[Haskell-cafe] State Monad - using the updated state
Ryan Ingram
ryani.spam at gmail.com
Wed Jan 7 21:28:33 EST 2009
Hi Phil. First a quick style comment, then I'll get to the meat of
your question.
getRanq1 is correct; although quite verbose. A simpler definition is this:
getRanq1 = State ranq1
This uses the State constructor from Control.Monad.State:
State :: (s -> (a,s)) -> State s a
What it sounds like you want is this:
main = do
x <- getARandomNumber
... do some other stuff
y <- getAnotherRandomNumber
.. etc.
using State. There are two ways to go about this; the first is, if
the entire computation is pure, that is, the "do some other stuff"
doesn't do IO, you can embed the whole computation in "State":
seed = 124353542542
main = do
result <- evalState randomComputation (ranq1Init seed)
... some IO using result ...
randomComputation = do
x <- getRanq1
let y = some pure computation using x
z <- getRanq1
w <- something that uses x, y, and z that also uses the random source
... etc.
return (some result)
The other option, if you want to do IO in between, is to use a
"transformer" version of State:
type MyMonad a = StateT Word64 IO a
main = withStateT (ranq1Init seed) $ do
x <- getRanq1_t
liftIO $ print x
...
y <- getRanq1_t
...
getRanq1_t :: MyMonad Double
getRanq1_t = liftStateT getRanq1
liftStateT :: State s a -> MyMonad a
liftStateT m = StateT $ \s -> return (runState m s)
withStateT :: Word64 -> MyMonad a -> IO a
withStateT s m = evalStateT m s -- can also just use "withStateT =
flip evalStateT"
This uses these functions from Control.Monad.State:
liftIO :: MonadIO m => IO a -> m a
This takes any IO action and puts it into any monad that supports
IO. In this case, StateT s IO a fits.
runState :: StateT s a -> s -> (a,s)
This evaluates a pure stateful computation and gives you the result.
StateT :: (s -> m (a,s)) -> StateT s m a
This builds a StateT directly. You could get away without it like this:
liftStateT m = do
s <- get
let (a, s') = runState m s
put s'
return a
(note the similarity to your getRanq1 function!)
evalStateT :: StateT s m a -> s -> m a
This is just evalState for the transformer version of State. In
our case it has the type (MyMonad a -> Word64 -> IO a)
This said, as a beginner I recommend trying to make more of your code
pure so you can avoid IO; you do need side effects for some things,
but while learning it makes sense to try as hard as you can to avoid
it. You can make a lot of interesting programs with just "interact"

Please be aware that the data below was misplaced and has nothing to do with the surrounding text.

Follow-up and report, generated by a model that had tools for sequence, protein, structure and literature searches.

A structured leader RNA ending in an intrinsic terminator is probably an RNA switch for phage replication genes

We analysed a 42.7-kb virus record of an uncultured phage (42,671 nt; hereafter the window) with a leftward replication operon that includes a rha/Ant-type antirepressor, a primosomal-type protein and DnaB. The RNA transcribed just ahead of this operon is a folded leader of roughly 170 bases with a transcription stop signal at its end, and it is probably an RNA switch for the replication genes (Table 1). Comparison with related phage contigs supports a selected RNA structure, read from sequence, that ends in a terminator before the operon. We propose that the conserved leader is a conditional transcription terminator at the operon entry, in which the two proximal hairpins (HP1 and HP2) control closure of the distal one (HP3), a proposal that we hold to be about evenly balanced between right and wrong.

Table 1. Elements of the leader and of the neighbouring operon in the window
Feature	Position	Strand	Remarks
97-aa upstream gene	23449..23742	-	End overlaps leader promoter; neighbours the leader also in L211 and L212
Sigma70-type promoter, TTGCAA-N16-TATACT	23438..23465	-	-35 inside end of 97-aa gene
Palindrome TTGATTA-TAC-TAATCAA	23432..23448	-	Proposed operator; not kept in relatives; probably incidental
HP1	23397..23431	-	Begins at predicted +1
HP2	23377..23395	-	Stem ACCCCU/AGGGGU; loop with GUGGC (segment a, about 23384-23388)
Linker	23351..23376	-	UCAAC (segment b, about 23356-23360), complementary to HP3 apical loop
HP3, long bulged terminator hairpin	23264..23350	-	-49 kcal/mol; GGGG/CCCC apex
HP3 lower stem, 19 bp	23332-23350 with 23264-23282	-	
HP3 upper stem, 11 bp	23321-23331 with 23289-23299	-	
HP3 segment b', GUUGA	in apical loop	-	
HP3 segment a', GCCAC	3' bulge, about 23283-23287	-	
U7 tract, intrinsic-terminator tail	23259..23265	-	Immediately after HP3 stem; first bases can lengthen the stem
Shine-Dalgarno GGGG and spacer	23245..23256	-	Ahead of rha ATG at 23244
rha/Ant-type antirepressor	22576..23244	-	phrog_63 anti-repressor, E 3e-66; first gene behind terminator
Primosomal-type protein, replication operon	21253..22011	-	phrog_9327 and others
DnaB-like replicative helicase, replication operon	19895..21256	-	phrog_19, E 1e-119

and pure functions.
If you're just doing text operations, try to make your program look like this:
main = interact pureMain
pureMain :: String -> String
pureMain s = ...
You'll find it will teach you a lot about laziness & the power of
purity! A key insight is that State *is* pure, even though code using
it looks somewhat imperative.
-- ryan
P.S. If you can't quite get out of the imperative mindset you can
visit imperative island via the ST boat.
2009/1/7 Phil <pbeadling at mail2web.com>:
> Hi,
>
> I'm a newbie looking to get my head around using the State Monad for random
> number generation. I've written non-monad code that achieves this no
> problem. When attempting to use the state monad I can get what I know to be
> the correct initial value and state, but can't figure out for the life of me
> how to then increment it without binding more calls there and then. Doing
> several contiguous calls is not what I want to do here – and the examples
> I've read all show this (using something like liftM2 (,) myRandom myRandom).
> I want to be able to do:
>
> Get_a_random_number
>
> < a whole load of other stuff >
>
> Get the next number as defined by the updated state in the first call
>
> <some more stuff>
>
> Get another number, and so on.
>
> I get the first number fine, but am lost at how to get the second, third,
> forth etc without binding there and then. I just want each number one at a
> time where and when I want it, rather than saying give 1,2,10 or even 'n'
> numbers now. I'm sure it's blindly obvious!
>
> Note: I'm not using Haskell's built in Random functionality (nor is that an
> option), I'll spare the details of the method I'm using (NRC's ranq1) as I
> know it works for the non-Monad case, and it's irrelevent to the question.
> So the code is:
>
> ranq1 :: Word64 -> ( Double, Word64 )
> ranq1 state = ( output, newState )
> where
> newState = ranq1Increment state
> output = convert_to_double newState
>
> ranq1Init :: Word64 -> Word64
> ranq1Init = convert_to_word64 . ranq1Increment . xor_v_init
>
> -- I'll leave the detail of how ranq1Increment works out for brevity. I
> know this bit works fine. Same goes for the init function it's just
> providing an initial state.
>
> -- The Monad State Attempt
> getRanq1 :: State Word64 Double
> getRanq1 = do
> state <- get
> let ( randDouble, newState ) = ranq1 state
> put newState
> return randDouble
>
>
> _________ And then in my main _________
>
> -- 124353542542 is just an arbitrary seed
> main :: IO()
> main = do
> let x = evalState getRanq1 (ranq1Init 124353542542)
> print (x)
>
>
> As I said this works fine; x gives me the correct first value for this
> sequence, but how do I then get the second and third without writing the
> giveMeTenRandoms style function? I guess what I want is a next() type
> function, imperatively speaking.
>
>
> Many thanks for any help,
>
>
> Phil.
>
>
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